Reading is Healthy - Health Literacy Book Club Kits
Amy E. Weig-Pickering, Kristin R. Proctor, and Allison B. Cruise
Seed funding from HSLIC provided an opportunity for us to create ten Reading Is Healthy Book Club Kits and made them available for checkout to both public libraries and community organizations in New Mexico. Each kit includes eight copies of a book club selection along with discussion questions and health literacy materials.
The goals of this project are to encourage conversations around health and wellness topics, destigmatize the discussion of health topics, and increase health literacy in our communities. This project aligns with HSLIC’s strategic goal to empower our communities to engage with health information.
Using Evidence to Develop an Interprofessional Roundtable Simulation on Health Literacy
Lisa M. Acuff
Lisa M. Acuff, MPH, MS, Education and Research Librarian, Assistant Professor, University of New Mexico, Health Sciences Center presented, "Using Evidence to Develop an Interprofessional Roundtable Simulation on Health Literacy." Librarians bring unique knowledge, skills, and perspectives to interprofessional education. This presentation will introduce a health sciences librarian's process and tools for creating an evidence-based interprofessional simulation on health literacy. The session will offer a systematic approach to instructional planning and design integrating evidence, competencies, objectives, activities, and assessment.
This is a presentation introducing The Carpentries to the Health Science Center Library and Informatics Center. The Carpentries is represented by a collection of three workshop types: Library Carpentry, Software Carpentry and Data Carpentry.
Influence of Methodological Expertise on Assessment of Systematic Review Searches using PRISMA and AMSTAR
Melissa L. Rethlefsen and Shelley de Kock
Objective: Many studies have assessed PRISMA compliance of systematic reviews in biomedical disciplines, including items relating to information sources and search strategies. Additional studies have used AMSTAR, AMSTAR 2, or R-AMSTAR to assess systematic review quality, including the comprehensiveness of the search methods. In this study, we will examine whether searching expertise is associated with lower perceived compliance with PRISMA items relating to search methods and AMSTAR ratings of search comprehensiveness.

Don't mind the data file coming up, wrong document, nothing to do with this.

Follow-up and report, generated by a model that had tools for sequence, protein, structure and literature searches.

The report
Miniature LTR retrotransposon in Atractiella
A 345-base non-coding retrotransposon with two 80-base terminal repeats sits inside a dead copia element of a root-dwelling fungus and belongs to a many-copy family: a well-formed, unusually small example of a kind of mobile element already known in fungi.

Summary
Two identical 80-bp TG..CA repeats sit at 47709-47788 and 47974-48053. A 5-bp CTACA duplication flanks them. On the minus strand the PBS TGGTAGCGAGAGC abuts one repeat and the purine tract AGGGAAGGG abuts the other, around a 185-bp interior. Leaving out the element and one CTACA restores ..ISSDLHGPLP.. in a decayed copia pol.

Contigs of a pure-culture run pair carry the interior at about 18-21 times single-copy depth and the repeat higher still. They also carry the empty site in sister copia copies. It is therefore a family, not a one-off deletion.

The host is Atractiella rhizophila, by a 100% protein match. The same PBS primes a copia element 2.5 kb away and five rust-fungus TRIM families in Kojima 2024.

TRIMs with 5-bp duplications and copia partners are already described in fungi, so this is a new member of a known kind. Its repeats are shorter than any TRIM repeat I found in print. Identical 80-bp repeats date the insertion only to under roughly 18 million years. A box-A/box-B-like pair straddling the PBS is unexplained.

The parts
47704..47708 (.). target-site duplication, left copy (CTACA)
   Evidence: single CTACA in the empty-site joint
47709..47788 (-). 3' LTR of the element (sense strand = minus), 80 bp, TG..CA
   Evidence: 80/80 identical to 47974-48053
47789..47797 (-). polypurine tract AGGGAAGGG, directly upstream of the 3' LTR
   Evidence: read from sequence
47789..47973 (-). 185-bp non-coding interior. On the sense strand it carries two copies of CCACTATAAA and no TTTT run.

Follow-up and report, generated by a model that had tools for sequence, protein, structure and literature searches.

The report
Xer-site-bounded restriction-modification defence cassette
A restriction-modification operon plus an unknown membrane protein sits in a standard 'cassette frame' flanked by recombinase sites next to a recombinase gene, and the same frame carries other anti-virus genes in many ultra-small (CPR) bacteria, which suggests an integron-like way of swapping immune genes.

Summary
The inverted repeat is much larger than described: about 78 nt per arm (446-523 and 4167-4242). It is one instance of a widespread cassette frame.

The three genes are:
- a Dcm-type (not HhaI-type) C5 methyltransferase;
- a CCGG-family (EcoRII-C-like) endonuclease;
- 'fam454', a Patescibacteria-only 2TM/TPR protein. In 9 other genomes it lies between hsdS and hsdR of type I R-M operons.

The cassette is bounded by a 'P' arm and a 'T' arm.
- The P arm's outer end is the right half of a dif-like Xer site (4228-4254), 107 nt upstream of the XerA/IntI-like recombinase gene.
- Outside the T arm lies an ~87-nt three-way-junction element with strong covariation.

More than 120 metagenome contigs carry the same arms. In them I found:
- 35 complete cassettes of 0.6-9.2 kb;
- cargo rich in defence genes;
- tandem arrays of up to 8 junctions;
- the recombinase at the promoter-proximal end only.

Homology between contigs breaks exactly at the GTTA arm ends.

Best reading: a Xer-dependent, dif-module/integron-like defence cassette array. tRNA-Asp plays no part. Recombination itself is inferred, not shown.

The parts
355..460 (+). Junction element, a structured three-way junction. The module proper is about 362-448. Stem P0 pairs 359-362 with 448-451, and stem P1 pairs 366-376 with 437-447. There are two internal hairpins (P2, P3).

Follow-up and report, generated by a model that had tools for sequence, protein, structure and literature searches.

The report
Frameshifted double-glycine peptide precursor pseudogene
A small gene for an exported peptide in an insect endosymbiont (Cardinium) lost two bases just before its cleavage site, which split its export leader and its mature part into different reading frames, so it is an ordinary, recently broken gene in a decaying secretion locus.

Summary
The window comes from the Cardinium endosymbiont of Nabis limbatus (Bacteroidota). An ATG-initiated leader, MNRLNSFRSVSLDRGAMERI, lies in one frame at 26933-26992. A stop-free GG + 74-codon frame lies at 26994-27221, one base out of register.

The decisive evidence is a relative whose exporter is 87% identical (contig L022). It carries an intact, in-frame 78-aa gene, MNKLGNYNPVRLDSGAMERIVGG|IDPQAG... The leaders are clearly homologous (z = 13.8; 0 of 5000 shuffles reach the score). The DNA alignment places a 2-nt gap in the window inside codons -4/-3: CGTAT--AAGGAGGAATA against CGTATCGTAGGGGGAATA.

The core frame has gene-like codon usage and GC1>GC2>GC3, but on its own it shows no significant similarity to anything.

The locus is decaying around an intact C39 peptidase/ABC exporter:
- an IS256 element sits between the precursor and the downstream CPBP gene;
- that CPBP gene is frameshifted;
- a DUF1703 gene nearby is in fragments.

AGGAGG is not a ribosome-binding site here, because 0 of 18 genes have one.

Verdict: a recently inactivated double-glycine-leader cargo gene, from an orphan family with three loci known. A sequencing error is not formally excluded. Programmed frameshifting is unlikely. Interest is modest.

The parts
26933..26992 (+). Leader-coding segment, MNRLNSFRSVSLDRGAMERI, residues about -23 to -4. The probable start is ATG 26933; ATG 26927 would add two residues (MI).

Design: We will identify studies that evaluate biomedical systematic reviews on compliance with PRISMA 2009, PRISMA 2020, or relevant PRISMA extensions (e.g., PRISMA-EcoEvo, PRISMA-S, PRISMA Harms, etc) or critically appraise them using AMSTAR, AMSTAR 2, or R-AMSTAR as a primary outcome. Studies that use PRISMA, a PRIS MA extension, AMSTAR, AMSTAR 2, or R-AMSTAR as part of a critical appraisal for inclusion in a systematic review, umbrella systematic review, evidence map, or other evidence synthesis will be excluded. We will conduct a search in Ovid MEDLINE ALL13, 2021 > to identify studies added to MEDLINE from July 31, 2017 to the present. Earlier studies using PRISMA will be identified from Page & Moher's prior scoping review; earlier studies using AMSTAR will be identified with an additional MEDLINE search. We will screen each study for inclusion in duplicate using Covidence. For each identified study, we will determine whether the search was assessed. For each aspect of the search assessed, we will record the number of systematic reviews in the study, the number of systematic reviews meeting search-related criteria, any definitions for how the authors interpreted search-related criteria, and whether librarians or information specialists contributed to the assessment. We will also record whether the study included systematic reviews published before and/or after the publication of PRISMA 2009. Due to the heterogenous nature of the data, basic descriptive statistics will be used to present findings.
Results: MEDLI NE searches were conducted on December 14, 2021. 1,627 results were found. Full results will be presented at EAHIL.
Conclusions: Full conclusions will be presented at EAHIL. We anticipate that this study will add to professionalism, understanding, and knowledge of information specialists as experts in systematic review work.
Researching Ourselves: A Critical Role for Librarians
Melissa L. Rethlefsen
Keynote talk: Researching Ourselves: A Critical Role for Librarians
Conducting research is a critical aspect of our work as librarians, so that we can understand what works, what doesn't, and why. It can also help us demonstrate our value to others outside our profession by providing evidence of how what we do improves health, education, and research outcomes. Starting in research can be a challenge, but it starts with identifying questions that should be answered. Using the story of how I got involved in (and continue to do) research, we'll talk about the process of research and the benefits it can offer to one's career, library, and the profession.
Academic Health Sciences Libraries' Outreach and Engagement with Native American Communities: A Scoping Review
Allison B. Cruise, A Nydia Villezcas, Jonathan D. Eldredge, Alexis Ellsworth-Kopkowski, and Melissa L. Rethlefsen